元の言語英語
記事番号537
ジャーナルBMC Public Health
17
発行部数1
DOI
出版物ステータス出版済み - 6 2 2017

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Japan
Wounds and Injuries
Social Class
Pedestrians
Geographic Information Systems
Age Factors
Registries
Software
Cross-Sectional Studies

All Science Journal Classification (ASJC) codes

  • Public Health, Environmental and Occupational Health

これを引用

Factors associated with the occurrence of injuries requiring hospital transfer among older and working-age pedestrians in Kurume, Japan. / Nagata, Takashi; Abe, Takeru; Takamori, Ayako; Kimura, Yoshinari; Hagihara, Akihito.

:: BMC Public Health, 巻 17, 番号 1, 537, 02.06.2017.

研究成果: ジャーナルへの寄稿評論記事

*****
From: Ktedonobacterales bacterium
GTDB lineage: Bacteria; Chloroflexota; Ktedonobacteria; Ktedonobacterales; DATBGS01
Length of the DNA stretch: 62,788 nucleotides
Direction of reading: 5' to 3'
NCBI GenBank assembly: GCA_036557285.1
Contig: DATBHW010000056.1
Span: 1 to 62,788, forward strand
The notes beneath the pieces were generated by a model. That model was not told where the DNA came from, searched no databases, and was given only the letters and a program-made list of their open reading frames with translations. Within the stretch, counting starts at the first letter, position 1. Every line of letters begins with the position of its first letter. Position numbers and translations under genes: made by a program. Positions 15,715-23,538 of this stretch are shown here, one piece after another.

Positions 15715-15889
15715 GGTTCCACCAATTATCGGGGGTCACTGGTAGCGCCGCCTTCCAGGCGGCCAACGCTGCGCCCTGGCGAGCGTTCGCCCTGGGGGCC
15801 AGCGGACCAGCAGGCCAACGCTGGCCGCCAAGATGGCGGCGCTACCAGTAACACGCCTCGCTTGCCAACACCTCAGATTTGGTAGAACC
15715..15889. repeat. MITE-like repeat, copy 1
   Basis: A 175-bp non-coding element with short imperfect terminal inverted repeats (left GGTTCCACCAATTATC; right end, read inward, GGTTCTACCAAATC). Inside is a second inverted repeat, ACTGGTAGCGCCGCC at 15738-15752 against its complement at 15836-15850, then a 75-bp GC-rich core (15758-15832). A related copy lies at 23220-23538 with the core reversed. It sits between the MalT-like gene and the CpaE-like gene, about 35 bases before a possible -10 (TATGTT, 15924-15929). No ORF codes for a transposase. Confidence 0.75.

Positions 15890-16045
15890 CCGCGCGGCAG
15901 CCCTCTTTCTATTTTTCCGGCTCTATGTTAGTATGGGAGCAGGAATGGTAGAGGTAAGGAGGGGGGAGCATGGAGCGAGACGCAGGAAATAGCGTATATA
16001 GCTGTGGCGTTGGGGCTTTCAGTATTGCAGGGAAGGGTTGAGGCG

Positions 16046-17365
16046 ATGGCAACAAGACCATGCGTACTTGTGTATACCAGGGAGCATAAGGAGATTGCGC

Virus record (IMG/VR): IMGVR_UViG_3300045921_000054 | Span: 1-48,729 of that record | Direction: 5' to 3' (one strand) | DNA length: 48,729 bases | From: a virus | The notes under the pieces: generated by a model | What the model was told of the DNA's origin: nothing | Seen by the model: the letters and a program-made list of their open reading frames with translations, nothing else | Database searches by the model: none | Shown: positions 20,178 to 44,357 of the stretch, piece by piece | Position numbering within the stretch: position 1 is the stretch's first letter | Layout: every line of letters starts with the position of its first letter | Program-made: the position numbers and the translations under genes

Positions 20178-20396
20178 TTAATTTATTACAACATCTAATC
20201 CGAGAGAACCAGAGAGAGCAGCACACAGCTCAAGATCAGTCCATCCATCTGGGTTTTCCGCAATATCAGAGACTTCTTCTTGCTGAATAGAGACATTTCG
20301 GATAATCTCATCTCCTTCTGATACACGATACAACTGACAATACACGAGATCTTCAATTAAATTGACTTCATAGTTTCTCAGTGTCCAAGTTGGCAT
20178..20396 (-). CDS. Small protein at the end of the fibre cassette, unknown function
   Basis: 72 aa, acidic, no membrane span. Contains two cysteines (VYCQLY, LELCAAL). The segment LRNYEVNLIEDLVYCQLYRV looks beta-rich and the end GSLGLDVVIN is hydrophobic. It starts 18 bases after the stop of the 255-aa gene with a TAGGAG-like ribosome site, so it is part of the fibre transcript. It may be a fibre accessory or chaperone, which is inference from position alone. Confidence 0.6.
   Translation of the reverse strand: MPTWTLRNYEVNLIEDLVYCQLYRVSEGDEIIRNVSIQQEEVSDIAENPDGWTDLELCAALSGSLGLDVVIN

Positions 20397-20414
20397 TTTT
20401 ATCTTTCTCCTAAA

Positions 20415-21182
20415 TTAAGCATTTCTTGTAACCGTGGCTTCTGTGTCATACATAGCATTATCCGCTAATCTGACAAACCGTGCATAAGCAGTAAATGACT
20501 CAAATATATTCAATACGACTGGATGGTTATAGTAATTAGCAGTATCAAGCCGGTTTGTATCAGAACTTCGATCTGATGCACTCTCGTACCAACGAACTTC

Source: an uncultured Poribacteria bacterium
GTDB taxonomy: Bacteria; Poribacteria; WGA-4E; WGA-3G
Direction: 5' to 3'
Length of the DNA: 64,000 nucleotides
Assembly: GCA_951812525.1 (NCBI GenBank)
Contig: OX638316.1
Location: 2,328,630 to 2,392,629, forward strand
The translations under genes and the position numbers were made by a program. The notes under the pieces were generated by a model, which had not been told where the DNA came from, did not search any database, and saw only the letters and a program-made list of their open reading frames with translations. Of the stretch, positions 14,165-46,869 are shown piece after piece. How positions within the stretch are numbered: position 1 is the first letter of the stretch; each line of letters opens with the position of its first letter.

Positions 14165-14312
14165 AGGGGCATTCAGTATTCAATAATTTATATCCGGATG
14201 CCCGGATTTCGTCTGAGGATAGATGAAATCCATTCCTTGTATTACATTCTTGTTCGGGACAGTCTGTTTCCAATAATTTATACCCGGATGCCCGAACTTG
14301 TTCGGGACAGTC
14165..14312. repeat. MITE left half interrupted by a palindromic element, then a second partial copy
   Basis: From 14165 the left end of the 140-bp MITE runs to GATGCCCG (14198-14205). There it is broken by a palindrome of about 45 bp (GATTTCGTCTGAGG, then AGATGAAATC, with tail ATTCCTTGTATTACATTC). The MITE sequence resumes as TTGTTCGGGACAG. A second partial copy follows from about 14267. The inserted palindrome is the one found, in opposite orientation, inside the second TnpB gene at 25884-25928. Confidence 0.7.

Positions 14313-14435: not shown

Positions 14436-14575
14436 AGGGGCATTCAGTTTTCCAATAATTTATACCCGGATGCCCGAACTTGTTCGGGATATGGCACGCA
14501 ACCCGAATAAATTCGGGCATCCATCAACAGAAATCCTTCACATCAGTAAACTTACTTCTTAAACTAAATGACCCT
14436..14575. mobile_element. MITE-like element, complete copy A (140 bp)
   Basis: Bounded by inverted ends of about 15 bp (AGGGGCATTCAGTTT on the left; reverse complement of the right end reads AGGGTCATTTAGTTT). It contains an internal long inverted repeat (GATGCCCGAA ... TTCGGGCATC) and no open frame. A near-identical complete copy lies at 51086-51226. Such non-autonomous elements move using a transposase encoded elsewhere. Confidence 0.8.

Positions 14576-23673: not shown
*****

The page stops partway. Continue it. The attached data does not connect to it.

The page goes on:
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abstract = "Background: Pedestrian injuries among older people tend to occur near their residence. However, knowledge regarding whether distance travelled from home to the injury site or road environmental/socioeconomic factors affect injury severity remains limited. Methods: A cross-sectional study was performed using injury registry data from the Kurume City Fire Department, Japan. Distance travelled from home was determined with geographic information system (GIS) software. Data were analyzed for potential association with injury occurrence and severity, with stratification by age. Signal detection analysis using 10 variables was applied to identify factors associated with the occurrence of severe pedestrian injuries. Results: Among the 545 adult pedestrian injuries reviewed, the factors associated with the occurrence of severe pedestrian injuries for older people and working-age people were evaluated, focusing on the effect of the network distance travelled from home to injury site. Network distance travelled from home to injury site was not associated with the occurrence of severe pedestrian injuries among older people. By applying signal detection analysis, for older people, higher socioeconomic status, wider road width per lane, and higher aging rate in the residential area were significant factors, and for working-age pedestrians, longer network distance travelled between injury place and their residential area and a higher aging rate in the residential area were significantly associated. Conclusions: To reduce severe pedestrian injuries among older people, improvement of road infrastructure in areas with wider roads, higher socioeconomic status and higher aging rates is required.",